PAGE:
How to Make Your Mind Happy; According to Neuroscience
First off, let's begin with the facts:

1. Mindfulness works.
2. Mindfulness and neuroscience are both actually on the same page.

But how to neuroscience and mindfulness line up? Why often do our brains get anxious, sad, or angry? The best way to of understanding why these emotions happen is by looking at the functionality of our brain.

Left vs. Right Brain

The right side of your brain sees things pretty concretely. But our left is always weaving tales to try and make sense of the information coming in.
We need Lefty to give meaning to life. He interprets your experiences. If Lefty sees real patterns that others don’t, people call you creative. But there’s also a problem…
Lefty often screws up.

Michael Gazzaniga, one of the top cognitive neuroscientists, did some brain studies in the 1970’s with Roger Sperry (who would later win the Nobel Prize.) Gazzaniga discovered what Lefty’s job is — and just how badLefty is at it sometimes.

Gazzaniga discovered that the left side of the brain created explanations and reasons to help make sense about what was going on. It acted as an interpreter to reality… Over the last 30 years, several studies have shown that the left side of the brain, even in normal people, excels at creating an explanation for what’s going on, even if it isn’t correct.

Lefty can be way off base sometimes. If he sees patterns where there aren’t any, you’re anxious, paranoid or schizophrenic. And if Lefty doesn’t see any patterns in life — no “meaning” — you’re clinically depressed.

The problem is you don’t even realize Lefty is there. You assume his voice in your head is you and that his stories are rock-solid reality. But when Lefty isn’t detecting useful patterns, making accurate sense of things and giving meaning to the world, he can be a monster.

When you pay too little attention to the right brain’s raw data (“She’s looking at her phone”) and give too much credence to Lefty’s misconstrued interpretations (“Clearly, we’re boring her”), you can end up angry, sad, frustrated or anxious.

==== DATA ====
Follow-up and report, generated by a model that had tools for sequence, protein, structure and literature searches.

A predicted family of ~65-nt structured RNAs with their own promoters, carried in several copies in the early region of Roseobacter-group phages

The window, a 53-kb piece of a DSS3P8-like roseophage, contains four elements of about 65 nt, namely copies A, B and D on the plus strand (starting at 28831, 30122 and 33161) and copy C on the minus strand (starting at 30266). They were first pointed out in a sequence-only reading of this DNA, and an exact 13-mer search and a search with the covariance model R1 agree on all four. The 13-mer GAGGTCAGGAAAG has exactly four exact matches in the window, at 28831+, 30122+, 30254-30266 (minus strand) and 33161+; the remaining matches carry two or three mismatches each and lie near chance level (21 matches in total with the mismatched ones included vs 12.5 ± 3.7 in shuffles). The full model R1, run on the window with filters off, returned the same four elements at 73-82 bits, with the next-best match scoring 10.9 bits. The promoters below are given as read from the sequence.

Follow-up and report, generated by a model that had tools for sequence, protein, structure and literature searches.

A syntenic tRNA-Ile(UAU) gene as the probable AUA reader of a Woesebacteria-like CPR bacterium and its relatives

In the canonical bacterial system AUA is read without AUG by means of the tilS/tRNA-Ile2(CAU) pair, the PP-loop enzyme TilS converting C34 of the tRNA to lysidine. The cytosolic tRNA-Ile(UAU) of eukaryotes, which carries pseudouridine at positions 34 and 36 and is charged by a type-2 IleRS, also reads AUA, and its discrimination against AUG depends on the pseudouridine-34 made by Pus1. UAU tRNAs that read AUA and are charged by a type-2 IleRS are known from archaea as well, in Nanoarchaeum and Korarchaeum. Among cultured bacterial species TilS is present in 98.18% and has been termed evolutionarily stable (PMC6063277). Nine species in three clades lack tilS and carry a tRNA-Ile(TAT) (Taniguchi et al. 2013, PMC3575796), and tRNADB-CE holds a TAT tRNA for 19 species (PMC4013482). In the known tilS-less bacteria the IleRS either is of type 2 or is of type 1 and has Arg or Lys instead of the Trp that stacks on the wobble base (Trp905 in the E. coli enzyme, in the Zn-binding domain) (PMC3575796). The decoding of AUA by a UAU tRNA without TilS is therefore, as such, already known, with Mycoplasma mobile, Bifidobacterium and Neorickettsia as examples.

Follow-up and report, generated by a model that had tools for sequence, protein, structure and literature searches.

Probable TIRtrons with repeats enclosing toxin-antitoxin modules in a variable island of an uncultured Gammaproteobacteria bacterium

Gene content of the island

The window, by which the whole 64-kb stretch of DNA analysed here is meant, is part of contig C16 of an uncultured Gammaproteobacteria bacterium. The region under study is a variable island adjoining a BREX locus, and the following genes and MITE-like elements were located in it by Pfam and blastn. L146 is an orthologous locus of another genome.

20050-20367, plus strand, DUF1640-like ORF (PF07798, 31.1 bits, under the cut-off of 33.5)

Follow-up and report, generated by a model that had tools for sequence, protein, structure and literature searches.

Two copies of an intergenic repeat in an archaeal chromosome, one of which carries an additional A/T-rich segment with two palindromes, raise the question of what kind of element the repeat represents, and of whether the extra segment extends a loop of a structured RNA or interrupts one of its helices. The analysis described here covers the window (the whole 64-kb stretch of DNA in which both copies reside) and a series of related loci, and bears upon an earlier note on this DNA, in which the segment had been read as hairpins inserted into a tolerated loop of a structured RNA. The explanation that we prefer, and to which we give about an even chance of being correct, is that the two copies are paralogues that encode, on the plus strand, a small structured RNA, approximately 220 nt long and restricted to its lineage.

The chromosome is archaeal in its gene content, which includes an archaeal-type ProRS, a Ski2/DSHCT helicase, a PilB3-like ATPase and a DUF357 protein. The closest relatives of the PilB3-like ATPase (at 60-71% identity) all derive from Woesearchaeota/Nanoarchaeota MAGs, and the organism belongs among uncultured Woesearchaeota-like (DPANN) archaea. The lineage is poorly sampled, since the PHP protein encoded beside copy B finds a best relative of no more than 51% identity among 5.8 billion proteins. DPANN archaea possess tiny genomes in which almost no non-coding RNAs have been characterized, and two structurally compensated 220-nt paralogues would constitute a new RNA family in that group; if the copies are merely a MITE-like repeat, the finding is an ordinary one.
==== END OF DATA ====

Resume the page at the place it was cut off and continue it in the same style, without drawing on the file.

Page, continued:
So what can you do to not get angry, sad, anxious or otherwise upset? This is where mindfulness comes in…

From a neuroscience perspective, mindfulness is about staying focused on the concrete in life and not getting too wrapped up in Lefty’s interpretations, categories, stories — and occasional fictions. Lefty isn’t “you.” Like your liver or your spleen, he’s a part of you, doing his job… sometimes ineptly. But when you realize this and listen for his voice in your head, you can double-check his work.

Listen to your brain as you go about your day and check what you hear against the concrete facts you notice. This kind of check on how practical and realistic Lefty’s interpretations are is the core of Cognitive Behavioral Therapy.

Getting rid of Lefty isn’t desirable or even possible. But since he can sometimes act like a child, you need to treat him like one. Lefty’s the kid. You must be the parent. Don’t immediately accept Lefty’s interpretations. Pause, and consider his opinion as if it was advice from a friend. Check it against the hard facts you can see. Is he jumping to conclusions again?

Sharon Salzberg, one of the leading experts on mindfulness and author of Real Happiness: The Power of Meditation, said:

What we’re talking about with mindfulness is not in any way eradicating thoughts or annihilating them, but being able to have a little bit of space so we can make a clear decision: “Do I want to nurture this or do I want to let it go?”

 

So you’re not immediately accepting Lefty’s stories as truth. That’s good. But how do you help him be better at his job so he doesn’t overreact all the time?

Help Lefty Be A Better Storyteller

What do positive psychologists recommend when all of Lefty’s stories are depressing? Before you go to bed, write down three good things that happened that day. Make the positive more salient to Lefty and he can’t help but start to weave that into his tales about “how life is.” It's a simple way of rewiring your brain to appreciate all the things you should focus your attention on instead... rather than getting caught up in meaningless (and more often temporary) thought patterns that serve no good at all.

 

Article reference(s): http://time.com.

February 20, 2017 by Ciara McCarthy

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